End of rant.  ;) Peace.

    Addendum #1  I forgot to mention that NIS (as opposed to NPF) also included a full-fledged copy of Norton Anti-Virus (NAV).  That contributed significantly to the download, also.  I've made some clean-up in the preceding comments to correct stuff I was writing off the top of me head, also.
     
  6. Paul Wilders

    Paul Wilders Administrator

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    Re: Which firewall is the best at controlling outb

    I have seen worse rants, Joseph!  ;) IMHO you made some very valid points here.

    regards.

    paul
     
  7. jvmorris

    jvmorris Registered Member

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    Re: Which firewall is the best at controlling outb

    Paul,

    Sorry for possibly getting a bit carried away there.  ;)  I really wish that @guard would restore the initial archives of the various parts of the Unofficial AtGuard Users Forum as it migrated from one host to another.  If he'd do that, then I could simply reference my initial posting and let it go at that.  There seems to be a problem with the current host which I suspect is contributing to this problem, but I do really miss not being able to simply hyperlink to previous postings I've made on this subject.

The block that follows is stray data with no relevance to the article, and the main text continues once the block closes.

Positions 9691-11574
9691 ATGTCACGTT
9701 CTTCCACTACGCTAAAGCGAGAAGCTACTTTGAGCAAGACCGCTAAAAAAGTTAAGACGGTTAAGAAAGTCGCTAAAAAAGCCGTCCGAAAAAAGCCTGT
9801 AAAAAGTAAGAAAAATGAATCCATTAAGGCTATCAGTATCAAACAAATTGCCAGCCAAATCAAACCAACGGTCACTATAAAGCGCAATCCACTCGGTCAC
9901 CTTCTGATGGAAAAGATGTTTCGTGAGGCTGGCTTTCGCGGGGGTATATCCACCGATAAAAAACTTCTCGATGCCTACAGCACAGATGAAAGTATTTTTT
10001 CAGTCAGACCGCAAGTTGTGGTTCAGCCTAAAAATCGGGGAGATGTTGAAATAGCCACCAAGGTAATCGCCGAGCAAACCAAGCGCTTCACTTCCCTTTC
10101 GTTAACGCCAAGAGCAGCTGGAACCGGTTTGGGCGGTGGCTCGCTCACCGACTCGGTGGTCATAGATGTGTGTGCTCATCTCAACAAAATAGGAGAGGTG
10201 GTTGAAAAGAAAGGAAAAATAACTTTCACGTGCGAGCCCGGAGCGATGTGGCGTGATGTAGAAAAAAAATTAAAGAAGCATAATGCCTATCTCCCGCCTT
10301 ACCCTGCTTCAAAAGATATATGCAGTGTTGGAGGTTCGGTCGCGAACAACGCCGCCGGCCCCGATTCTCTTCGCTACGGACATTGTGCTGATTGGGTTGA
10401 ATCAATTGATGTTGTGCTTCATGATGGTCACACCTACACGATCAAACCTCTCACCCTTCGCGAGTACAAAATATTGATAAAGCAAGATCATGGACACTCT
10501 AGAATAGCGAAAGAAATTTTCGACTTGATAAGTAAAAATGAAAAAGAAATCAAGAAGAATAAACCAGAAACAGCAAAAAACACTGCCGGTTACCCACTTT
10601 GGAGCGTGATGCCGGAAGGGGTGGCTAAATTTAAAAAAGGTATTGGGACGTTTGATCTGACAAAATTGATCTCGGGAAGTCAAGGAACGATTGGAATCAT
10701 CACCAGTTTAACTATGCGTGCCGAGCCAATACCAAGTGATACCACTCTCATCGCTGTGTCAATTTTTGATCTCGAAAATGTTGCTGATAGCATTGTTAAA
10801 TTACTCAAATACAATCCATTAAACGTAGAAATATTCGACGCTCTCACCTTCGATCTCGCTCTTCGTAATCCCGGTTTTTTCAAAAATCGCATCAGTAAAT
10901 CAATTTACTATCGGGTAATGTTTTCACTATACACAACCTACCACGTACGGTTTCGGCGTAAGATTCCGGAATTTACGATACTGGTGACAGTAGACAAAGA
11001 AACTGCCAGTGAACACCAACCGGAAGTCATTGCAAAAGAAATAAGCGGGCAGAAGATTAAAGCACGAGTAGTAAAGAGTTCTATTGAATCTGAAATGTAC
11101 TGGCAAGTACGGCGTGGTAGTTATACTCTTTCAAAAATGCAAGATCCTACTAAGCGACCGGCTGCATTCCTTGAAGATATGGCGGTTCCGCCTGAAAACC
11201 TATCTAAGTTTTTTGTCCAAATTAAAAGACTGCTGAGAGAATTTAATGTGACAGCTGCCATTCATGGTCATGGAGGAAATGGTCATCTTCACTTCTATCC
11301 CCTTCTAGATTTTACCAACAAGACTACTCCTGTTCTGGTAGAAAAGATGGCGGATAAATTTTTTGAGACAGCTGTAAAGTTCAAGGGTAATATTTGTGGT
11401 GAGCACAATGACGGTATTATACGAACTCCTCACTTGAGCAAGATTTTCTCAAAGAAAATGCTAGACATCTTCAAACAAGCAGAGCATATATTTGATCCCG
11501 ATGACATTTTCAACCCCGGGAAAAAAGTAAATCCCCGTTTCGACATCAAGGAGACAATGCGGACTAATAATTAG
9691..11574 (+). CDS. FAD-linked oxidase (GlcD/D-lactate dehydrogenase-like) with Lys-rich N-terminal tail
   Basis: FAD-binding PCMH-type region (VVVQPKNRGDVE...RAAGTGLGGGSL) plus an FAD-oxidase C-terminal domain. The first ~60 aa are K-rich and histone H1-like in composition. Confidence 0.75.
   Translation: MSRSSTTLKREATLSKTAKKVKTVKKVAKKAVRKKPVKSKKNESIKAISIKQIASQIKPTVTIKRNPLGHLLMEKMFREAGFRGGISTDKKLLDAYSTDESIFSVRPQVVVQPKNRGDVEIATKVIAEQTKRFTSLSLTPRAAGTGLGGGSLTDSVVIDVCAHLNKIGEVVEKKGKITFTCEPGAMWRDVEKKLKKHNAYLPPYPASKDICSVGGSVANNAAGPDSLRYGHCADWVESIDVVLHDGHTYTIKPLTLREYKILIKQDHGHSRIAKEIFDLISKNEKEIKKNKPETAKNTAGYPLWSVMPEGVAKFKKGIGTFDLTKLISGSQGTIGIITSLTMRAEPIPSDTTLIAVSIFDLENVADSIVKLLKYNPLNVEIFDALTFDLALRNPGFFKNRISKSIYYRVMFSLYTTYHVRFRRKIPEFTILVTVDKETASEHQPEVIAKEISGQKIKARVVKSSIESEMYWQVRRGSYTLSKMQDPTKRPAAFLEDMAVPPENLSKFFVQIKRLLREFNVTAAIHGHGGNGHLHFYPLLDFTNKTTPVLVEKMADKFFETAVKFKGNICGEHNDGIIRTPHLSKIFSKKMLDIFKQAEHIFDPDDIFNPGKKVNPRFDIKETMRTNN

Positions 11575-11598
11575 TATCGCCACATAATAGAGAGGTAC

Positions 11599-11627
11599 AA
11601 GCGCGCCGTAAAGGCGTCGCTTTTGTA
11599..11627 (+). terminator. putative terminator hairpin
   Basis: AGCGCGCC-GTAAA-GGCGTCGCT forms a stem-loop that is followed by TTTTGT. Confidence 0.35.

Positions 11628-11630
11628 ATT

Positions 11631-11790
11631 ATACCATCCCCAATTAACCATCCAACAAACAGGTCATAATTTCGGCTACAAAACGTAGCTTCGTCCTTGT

8. FanJ

    FanJ Guest

    Re: Which firewall is the best at controlling outb

    Joseph, thanks very much for your comments !!!

    I know that you know a lot about AtGuard/NIS/NPF.
    And I appreciate it very much that you wrote about it.

    Cheers, Jan (user of NIS1.0 Dutch and the old DashBoard).